Localization In prokaryotes = cytoplasm In eukaryotes = nucleus In prokaryotes = cytoplasm In eukaryotes = ribosomes on endoplasmic reticulum

Contents: Transcription vs Translation

DNA helix structure
DNA helix structure

edit Localization

In prokaryotes both transcription and translation occur in the cytoplasm due to the absence of nucleus. In eukaryote transcription occurs in the nucleus and translation occurs in ribosomes present on the rough endoplasmic membrane in the cytoplasm.

edit Factors

Transcription is performed by RNA polymerase and other associated proteins termed as transcription factors. It can be inducible as seen in the spatio-temporal regulation of developmental genes or consitutive as seen in case of house keeping genes like Gapdh.

Translation is performed by a multisubunit structure called ribosome which consists of rRNA and proteins.

edit Initiation

Transcription initiates with RNA polymerase binding to the promoter region in the DNA. The transcription factors and RNA polymerase binding to the promoter forms a transcription initiation complex. The promoter consists of a core region like the TATA box where the complex binds. It is in this stage that RNA polymerase unwinds the DNA.


Translation initiates with the formation of initiation complex. The ribosome subunit, three initiation factors (IF1, IF2 and IF3) and methionine carrying t-RNA bind the mRNA near the AUG start codon.

edit Elongation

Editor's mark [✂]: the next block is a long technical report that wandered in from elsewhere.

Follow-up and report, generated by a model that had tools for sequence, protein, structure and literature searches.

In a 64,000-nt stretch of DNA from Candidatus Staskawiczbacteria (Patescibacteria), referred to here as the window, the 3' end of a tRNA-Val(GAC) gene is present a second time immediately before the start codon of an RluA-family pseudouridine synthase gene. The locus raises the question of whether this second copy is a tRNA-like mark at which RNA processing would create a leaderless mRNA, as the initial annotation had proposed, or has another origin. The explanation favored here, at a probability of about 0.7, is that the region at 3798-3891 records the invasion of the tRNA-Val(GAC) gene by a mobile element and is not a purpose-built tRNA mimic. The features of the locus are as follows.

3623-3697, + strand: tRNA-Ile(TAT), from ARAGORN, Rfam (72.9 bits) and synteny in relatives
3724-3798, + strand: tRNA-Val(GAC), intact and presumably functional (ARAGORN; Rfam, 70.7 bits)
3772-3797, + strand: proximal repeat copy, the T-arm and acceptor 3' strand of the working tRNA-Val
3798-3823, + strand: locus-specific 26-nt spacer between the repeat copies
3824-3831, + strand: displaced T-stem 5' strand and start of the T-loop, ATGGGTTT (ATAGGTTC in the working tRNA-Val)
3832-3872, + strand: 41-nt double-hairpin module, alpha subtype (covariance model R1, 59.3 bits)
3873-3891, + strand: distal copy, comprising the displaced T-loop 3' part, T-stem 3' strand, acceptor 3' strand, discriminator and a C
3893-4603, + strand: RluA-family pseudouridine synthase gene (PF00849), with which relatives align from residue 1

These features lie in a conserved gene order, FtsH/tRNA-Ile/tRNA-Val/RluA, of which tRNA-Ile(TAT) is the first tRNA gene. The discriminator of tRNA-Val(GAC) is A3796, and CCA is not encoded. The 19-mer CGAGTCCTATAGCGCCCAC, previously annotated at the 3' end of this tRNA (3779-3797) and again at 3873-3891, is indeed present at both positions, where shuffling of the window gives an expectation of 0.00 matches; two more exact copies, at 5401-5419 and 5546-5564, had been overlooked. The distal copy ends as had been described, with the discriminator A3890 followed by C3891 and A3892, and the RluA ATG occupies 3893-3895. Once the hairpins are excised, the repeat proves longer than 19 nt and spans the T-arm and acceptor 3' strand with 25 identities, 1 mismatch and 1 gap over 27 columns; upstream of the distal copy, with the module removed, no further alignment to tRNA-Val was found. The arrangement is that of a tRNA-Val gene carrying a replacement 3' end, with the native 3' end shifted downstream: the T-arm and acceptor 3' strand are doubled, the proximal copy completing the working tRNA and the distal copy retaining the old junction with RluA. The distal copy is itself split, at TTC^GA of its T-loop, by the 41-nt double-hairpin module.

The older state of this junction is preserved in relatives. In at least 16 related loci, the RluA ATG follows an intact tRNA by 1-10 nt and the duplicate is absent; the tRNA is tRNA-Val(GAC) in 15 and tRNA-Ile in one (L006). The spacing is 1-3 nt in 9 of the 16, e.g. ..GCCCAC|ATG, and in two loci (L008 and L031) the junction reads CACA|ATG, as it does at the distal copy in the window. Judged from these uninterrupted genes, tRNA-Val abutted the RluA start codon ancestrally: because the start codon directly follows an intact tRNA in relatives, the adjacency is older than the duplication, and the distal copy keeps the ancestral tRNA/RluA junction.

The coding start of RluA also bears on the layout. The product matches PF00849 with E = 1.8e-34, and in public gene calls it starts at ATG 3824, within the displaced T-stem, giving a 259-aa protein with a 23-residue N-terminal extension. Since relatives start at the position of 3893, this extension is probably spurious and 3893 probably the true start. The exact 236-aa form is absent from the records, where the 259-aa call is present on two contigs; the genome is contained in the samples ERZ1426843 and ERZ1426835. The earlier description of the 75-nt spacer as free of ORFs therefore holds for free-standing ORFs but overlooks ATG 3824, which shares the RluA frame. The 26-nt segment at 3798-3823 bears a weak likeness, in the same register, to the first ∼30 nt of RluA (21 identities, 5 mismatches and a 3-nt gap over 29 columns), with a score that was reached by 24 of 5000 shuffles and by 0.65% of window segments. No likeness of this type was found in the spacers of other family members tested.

During transcription, the RNA polymerase after the initial abortive attempts traverses the template strand of DNA in 3’ to 5’ direction, producing a complementary RNA strand in 5’ to 3’ direction. As the RNA polymerase advances the DNA strand that has been transcribed rewinds to form a double helix.

During translation the incoming aminoacyl t-RNA binds to the codon (sequences of 3 nucleotides) at A-site and a peptide bond is formed between the new amino acid and the growing chain. The peptide then moves one codon position to get ready for the next amino acid. The process hence proceeds in a 5’ to 3’ direction.

edit Termination

Transcription termination in prokaryotes can either be Rho-independent, where a GC rich hairpin loop is formed or Rho-dependent, where a protein factor Rho destabilizes the DNA-RNA interaction. In eukaryotes when a termination sequence is encountered the RNA nascent transcript is released and it is poly-adenylated.